The winning score for Gin can be determined by the two players involved in the game or the game can be played until one player reaches a score of 100 or more points. If you are playing an online or computer software version of Gin, the winning score will be predetermined. Aside from the winning score, the point values throughout the game of Gin are fairly standard and are described below.
In Gin the Ace is a low card, meaning that it counts as a 1, preceding the 2 and 3 of its suit, rather than acting as a high card that succeeds the Queen and King. All Aces in Gin are worth 1 point. Face cards, which refer to the Jack, Queen and King of each suit, are all worth 10 points each. The remaining cards, 2-10, are worth the value of their rank. So, the 2 is worth 2 points, and the 10 is worth 10 points.
Beyond this, there are a couple of other scoring considerations for Gin. The strategy of knocking is a key part of the winning strategy in Gin. When a player knocks his opponent, both players must lay their cards on the table, revealing their sets, runs and remaining cards should they have them. The knocker's remaining cards must equal no more than 10 points, and the opponent can add to these points by creating sets or runs with their remaining cards and the knocker's remaining cards.
If the knocker's opponent is unable to do the latter, the knocker will get the difference between his opponents remaining cards and his remaining cards. For example, if the knocker's remaining cards total 5 points (perhaps an Ace of Queens and a 4 of Clubs), and the opponent's remaining cards total 11 points, the knocker will get an additional 6 points added to his score.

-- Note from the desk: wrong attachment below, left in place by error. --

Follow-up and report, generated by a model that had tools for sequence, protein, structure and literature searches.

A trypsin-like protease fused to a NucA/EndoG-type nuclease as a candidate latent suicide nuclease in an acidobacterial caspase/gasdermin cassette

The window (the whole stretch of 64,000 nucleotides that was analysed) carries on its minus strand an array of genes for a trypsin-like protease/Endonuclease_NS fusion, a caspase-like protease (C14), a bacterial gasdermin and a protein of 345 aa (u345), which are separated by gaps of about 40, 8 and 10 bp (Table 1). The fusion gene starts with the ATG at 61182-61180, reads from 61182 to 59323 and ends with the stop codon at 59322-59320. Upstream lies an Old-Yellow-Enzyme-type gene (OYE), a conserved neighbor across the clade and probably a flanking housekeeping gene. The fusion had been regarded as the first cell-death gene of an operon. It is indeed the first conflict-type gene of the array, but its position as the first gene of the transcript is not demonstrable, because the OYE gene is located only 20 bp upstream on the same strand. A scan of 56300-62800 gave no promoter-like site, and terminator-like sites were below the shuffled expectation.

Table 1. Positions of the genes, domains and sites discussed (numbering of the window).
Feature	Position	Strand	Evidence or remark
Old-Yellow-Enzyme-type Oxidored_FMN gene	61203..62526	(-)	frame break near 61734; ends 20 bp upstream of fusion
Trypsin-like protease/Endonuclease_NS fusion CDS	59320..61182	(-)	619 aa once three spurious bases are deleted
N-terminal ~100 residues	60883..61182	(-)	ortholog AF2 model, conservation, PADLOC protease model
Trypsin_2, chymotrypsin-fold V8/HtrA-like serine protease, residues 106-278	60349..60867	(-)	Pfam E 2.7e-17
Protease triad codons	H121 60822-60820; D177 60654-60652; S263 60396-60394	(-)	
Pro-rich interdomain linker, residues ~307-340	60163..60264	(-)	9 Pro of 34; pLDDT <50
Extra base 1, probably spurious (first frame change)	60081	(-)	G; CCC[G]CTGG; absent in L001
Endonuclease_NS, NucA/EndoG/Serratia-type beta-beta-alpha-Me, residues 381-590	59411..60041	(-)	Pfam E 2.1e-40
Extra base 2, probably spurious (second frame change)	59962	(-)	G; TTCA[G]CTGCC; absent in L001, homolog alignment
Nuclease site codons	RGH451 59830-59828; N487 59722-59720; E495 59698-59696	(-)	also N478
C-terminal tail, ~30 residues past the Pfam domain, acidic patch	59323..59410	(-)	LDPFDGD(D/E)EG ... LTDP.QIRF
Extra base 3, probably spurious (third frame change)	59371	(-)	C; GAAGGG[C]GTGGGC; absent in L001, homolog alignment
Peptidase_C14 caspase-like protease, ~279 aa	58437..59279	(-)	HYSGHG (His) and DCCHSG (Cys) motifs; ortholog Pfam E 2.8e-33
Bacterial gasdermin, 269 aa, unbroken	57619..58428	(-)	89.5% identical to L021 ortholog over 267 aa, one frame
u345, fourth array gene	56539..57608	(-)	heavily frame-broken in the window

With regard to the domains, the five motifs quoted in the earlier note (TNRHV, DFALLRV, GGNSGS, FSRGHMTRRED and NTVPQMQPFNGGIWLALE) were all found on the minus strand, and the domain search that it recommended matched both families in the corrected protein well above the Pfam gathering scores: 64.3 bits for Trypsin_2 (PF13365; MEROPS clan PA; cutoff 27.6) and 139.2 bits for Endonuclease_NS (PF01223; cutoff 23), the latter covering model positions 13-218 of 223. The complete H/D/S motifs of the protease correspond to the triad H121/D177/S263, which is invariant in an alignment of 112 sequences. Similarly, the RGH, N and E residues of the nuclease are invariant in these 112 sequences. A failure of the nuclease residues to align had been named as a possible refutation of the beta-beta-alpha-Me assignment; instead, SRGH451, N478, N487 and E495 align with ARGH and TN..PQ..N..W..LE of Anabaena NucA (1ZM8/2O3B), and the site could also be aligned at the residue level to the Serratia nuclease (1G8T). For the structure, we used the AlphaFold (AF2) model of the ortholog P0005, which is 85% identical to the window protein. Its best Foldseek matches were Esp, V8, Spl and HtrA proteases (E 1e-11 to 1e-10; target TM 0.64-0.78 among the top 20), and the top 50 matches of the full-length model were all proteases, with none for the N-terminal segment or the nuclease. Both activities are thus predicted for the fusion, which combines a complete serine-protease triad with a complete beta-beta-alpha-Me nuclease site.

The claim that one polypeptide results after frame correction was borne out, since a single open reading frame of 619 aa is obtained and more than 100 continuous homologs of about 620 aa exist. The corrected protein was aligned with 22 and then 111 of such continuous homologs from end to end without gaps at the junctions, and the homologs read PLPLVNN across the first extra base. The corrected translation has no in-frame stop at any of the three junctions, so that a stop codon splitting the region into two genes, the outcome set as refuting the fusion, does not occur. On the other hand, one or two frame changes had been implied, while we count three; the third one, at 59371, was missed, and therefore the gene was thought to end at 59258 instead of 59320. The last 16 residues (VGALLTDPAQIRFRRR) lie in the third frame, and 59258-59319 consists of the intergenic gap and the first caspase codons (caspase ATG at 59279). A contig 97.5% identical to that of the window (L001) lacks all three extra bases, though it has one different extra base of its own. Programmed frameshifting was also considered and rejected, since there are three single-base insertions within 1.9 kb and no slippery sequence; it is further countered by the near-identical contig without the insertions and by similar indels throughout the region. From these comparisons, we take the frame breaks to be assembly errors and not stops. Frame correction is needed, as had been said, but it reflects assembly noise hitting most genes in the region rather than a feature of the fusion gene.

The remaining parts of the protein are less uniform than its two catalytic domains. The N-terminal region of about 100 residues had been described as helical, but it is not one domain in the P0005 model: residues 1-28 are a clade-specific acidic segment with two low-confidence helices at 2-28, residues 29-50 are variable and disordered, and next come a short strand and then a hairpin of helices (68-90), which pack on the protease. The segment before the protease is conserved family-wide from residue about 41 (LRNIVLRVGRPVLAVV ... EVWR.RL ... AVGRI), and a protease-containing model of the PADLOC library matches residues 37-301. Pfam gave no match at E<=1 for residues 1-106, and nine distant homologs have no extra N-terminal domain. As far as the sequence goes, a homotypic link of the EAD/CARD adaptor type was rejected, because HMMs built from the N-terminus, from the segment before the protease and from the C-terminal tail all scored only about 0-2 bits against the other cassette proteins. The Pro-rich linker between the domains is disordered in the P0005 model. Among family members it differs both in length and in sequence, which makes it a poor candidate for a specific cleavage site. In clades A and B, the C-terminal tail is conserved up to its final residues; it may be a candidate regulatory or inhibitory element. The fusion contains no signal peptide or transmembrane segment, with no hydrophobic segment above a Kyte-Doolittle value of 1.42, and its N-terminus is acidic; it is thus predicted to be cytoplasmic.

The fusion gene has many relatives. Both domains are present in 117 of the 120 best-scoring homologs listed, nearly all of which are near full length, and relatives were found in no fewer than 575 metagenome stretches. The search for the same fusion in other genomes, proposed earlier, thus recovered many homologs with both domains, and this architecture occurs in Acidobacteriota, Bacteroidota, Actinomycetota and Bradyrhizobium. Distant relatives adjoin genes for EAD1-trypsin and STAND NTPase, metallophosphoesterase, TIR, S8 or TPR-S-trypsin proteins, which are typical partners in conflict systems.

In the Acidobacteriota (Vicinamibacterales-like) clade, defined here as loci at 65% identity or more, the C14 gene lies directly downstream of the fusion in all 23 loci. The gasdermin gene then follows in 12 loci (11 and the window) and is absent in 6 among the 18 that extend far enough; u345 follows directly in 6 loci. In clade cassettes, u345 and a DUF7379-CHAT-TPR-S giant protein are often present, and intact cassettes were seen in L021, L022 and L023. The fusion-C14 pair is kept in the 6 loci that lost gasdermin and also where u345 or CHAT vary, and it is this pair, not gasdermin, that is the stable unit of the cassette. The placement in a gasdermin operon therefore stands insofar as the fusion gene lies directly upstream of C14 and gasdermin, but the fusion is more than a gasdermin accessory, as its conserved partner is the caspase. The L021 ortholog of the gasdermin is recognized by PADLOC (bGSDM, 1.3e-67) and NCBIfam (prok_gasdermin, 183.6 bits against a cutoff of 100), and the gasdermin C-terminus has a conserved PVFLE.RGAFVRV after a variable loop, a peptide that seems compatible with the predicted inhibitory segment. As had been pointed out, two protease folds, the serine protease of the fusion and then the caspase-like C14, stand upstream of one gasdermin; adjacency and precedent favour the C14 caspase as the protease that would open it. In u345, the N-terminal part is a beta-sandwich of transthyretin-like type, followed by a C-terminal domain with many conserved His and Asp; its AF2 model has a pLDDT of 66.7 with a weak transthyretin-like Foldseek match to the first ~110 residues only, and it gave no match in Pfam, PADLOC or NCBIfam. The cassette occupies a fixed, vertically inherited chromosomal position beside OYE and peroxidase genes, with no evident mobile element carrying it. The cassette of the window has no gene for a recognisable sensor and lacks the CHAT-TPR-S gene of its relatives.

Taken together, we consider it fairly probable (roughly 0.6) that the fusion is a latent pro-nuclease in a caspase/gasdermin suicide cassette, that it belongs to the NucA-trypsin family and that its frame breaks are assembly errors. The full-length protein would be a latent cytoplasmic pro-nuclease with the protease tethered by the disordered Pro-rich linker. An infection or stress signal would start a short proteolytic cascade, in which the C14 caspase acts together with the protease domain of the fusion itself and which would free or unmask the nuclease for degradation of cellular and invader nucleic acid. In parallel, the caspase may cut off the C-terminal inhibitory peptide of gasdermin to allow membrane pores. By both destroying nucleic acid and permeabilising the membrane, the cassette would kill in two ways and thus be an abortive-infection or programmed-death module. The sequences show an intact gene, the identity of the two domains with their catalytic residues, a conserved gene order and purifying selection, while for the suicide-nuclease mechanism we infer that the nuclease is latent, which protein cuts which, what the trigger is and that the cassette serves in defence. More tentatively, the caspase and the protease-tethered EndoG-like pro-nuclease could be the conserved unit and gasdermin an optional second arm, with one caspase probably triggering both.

Another possibility is that the knocker's opponent has remaining cards that total the value of the knocker's remaining cards or is less that the value of the knocker's remaining cards. For example, the knocker's remaining cards equal 7 and the opponent's remaining cards equal 7 or the opponent's remaining cards equal 5. If this happens the knocker has been undercut, and the opponent will receive the difference, if any, between the knocker's remaining cards and his remaining cards as well as a 10 to 25 point bonus.
If the knocker has no remaining cards the game is automatically won; this is called "going gin." If the knocker goes gin he will receive a 20 to 25 point bonus as well as the value of the opponent's remaining cards. In addition, there is a 100 point bonus for whichever player reaches the game's winning score first. An additional 100 points can be won by the game's first player to reach the winning score if his opponent has managed to score no points at all. A final scoring possibility in Gin is the "line bonus." This refers to the additional 20 points a player receives per hand he has won.